"But the problem is that you can’t fit three cars in that corner and the inside one is able to trigger trouble on the outside, which is what both Kimi and myself suffered from."
Max Verstappen slams Ferrari’s Vettel/Raikkonen after Spa collision
Max Verstappen has hit out at Ferrari Formula 1 drivers Kimi Raikkonen and Sebastian Vettel after an incident-packed Belgian Grand Prix.
Red Bull driver Verstappen collided with the Ferraris at the first corner as all three cars tried to get around the La Source hairpin side-by-side, and he had more run-ins with Raikkonen as they fought back through the field later in the race.
Raikkonen was heavily critical of Verstappen on the radio, saying "his only interest is pushing me off the circuit completely" and later calling his driving "fucking ridiculous".
Raikkonen was particularly unhappy with Verstappen moving late to defend his position on the Kemmel Straight, which he claimed forced him to brake at full speed to avoid an accident.
When asked by TV crews if he needs to tone down his driving, Verstappen said: "To be honest, it’s a big lie.
"I’m just defending my position and if somebody doesn’t like it it’s his own problem.
"After Turn 1 when they do something like that, I’m not going to give up my position that easily afterwards."
Raikkonen added: "I’m all up for fair battles and close racing but when I have to back off on the straight when I’m making my move, that’s not correct.
"I had to brake from full speed. I haven’t had that with any other driver."
The teenager put most of the blame for the "ridiculous" first-corner collision on Vettel, who was on the outside going into the corner, with Raikkonen in the middle.
"My start wasn’t great but I dived on the inside, I didn’t lock a wheel, so I was easily making the corner," said Verstappen.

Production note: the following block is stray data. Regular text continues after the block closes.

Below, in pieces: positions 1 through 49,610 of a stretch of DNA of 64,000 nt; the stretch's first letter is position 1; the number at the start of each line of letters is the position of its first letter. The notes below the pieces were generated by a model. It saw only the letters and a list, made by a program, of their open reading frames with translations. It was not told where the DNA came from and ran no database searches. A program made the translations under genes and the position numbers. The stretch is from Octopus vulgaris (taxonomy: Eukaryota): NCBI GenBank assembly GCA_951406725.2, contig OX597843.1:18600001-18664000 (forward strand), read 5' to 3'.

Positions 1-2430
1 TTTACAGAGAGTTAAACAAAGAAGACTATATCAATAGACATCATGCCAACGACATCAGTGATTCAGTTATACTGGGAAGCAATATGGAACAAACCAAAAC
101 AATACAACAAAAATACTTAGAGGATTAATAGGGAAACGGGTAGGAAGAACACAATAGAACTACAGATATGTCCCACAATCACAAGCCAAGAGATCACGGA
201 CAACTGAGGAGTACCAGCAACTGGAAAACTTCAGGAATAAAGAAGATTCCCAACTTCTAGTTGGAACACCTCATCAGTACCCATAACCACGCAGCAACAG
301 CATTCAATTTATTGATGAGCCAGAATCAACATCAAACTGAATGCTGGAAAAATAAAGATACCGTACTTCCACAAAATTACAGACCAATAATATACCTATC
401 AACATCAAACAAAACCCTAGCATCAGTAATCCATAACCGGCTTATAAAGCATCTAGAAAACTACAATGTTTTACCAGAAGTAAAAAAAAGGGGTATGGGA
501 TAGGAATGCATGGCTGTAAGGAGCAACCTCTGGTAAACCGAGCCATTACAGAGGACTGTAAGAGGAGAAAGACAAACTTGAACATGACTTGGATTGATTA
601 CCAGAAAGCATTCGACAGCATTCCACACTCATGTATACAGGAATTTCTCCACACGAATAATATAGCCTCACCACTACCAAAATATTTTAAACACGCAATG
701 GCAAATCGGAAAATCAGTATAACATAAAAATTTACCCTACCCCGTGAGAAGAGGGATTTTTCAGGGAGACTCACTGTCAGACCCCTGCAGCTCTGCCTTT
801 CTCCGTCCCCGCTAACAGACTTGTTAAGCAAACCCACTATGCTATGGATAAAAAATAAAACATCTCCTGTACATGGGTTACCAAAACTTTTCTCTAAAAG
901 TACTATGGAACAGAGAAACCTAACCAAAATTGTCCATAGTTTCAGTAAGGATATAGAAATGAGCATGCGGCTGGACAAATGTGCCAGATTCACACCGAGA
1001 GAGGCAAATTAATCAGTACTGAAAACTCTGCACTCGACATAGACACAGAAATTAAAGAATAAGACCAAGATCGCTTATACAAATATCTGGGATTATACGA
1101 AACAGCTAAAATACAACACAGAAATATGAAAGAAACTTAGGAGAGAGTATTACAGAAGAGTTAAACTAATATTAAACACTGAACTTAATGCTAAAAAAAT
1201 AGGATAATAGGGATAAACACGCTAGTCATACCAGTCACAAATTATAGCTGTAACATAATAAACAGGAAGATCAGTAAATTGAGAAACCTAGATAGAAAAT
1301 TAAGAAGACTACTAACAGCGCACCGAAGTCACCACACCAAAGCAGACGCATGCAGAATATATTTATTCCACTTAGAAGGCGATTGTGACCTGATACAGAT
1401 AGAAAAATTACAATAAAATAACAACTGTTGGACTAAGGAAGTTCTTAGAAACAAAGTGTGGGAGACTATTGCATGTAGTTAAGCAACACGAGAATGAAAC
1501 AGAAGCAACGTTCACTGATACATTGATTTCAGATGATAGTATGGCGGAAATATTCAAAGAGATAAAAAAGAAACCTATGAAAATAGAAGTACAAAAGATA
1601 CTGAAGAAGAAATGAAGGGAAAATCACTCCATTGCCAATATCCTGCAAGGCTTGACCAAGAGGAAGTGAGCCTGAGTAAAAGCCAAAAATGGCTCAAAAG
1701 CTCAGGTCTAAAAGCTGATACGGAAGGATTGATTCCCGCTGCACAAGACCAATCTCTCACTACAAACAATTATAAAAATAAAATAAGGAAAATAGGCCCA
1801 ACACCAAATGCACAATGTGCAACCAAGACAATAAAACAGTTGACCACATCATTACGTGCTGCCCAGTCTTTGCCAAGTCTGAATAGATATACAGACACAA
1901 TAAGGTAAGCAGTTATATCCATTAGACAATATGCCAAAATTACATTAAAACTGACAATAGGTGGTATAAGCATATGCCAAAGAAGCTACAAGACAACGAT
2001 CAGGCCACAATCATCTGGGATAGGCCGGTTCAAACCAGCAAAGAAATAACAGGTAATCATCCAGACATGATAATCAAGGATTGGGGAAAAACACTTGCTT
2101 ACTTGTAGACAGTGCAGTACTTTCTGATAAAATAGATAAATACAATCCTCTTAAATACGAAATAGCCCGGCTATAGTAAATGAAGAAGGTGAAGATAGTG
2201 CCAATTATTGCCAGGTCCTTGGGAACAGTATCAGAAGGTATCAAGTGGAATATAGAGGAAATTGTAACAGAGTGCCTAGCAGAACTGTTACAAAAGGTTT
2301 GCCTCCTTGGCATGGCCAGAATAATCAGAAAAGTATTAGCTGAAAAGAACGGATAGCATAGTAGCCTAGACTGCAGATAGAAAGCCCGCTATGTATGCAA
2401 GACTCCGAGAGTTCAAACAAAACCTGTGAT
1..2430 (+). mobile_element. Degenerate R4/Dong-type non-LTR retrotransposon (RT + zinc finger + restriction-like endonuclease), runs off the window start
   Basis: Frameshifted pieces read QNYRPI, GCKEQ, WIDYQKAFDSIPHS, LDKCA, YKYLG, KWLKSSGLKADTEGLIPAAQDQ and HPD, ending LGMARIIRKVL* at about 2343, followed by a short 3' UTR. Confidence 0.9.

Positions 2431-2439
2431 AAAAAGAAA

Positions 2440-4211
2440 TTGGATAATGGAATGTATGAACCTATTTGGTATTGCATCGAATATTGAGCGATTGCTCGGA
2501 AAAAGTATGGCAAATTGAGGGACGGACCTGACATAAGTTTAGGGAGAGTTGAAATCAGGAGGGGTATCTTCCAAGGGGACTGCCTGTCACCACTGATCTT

"But they just kept squeezing me and at one point I was on the inside, Kimi was squeezing, but then Sebastian just turned in on both of us.
"He knows he is on the outside and he just turns into the corner where there are two other cars.
"That took my front wing, I had a lot of damage and my floor got destroyed, so from there the race was gone."
Verstappen could only recover to 11th, missing out on points, as he struggled for pace with his damaged car.
Nico Rosberg wins Belgian GP as Lewis Hamilton charges to third
Nico Rosberg clinched his first Belgian Grand Prix victory as Mercedes Formula 1 team-mate Lewis Hamilton claimed a podium from 21st on the grid in a chaotic race at Spa.
Rosberg has now closed the gap to Hamilton in the F1 title race to nine points, but would have been hoping for more given the reigning champion’s back-row start due to numerous penalties accrued for three power unit changes.
Red Bull’s Daniel Ricciardo was sandwiched by the Mercedes duo to solidify his third place in the drivers’ standings ahead of Ferrari pair Sebastian Vettel and Kimi Raikkonen, who could only manage sixth and ninth following numerous incidents.
The field was reduced to 17 cars within just five laps and was red-flagged on lap nine for barrier repairs after a frightening crash that sent Renault’s Kevin Magnussen to hospital.
At the start, Red Bull’s Max Verstappen was slow away from second and swallowed up on the short run down to the La Source hairpin by both Raikkonen and Vettel.
As Vettel dived down the inside of Raikkonen and Vettel turned in, Raikkonen was left with nowhere to go in the middle and the trio made contact.
Vettel spun to the back, while Verstappen and Raikkonen were forced to pit due to damage sustained, with the Ferrari developing a small underside fire to add to the drama.
Later on the opening lap Manor’s Pascal Wehrlein ran into the back of Jenson Button’s McLaren coming out of Les Combes, with both retiring.
Toro Rosso’s Carlos Sainz Jr was next out on lap two after sustaining a puncture along the Kemmel straight, and although the Spaniard tried to continue, he only succeeded in further damaging the car before pulling off track.
Sauber’s Marcus Ericsson, who had started the race from the pitlane due to the team working on cooling issues, also soon retired after losing sixth gear.
Penalised tail-end starters Fernando Alonso and Hamilton had reached 10th and 11th by lap six, when Magnussen ploughed into the Raidillon barrier.
Hurtling up through Eau Rouge, Magnussen appeared to take too much kerb on the exit, sending the Dane into a high-speed spin across the track before ramming into the wall, resulting in a safety car period.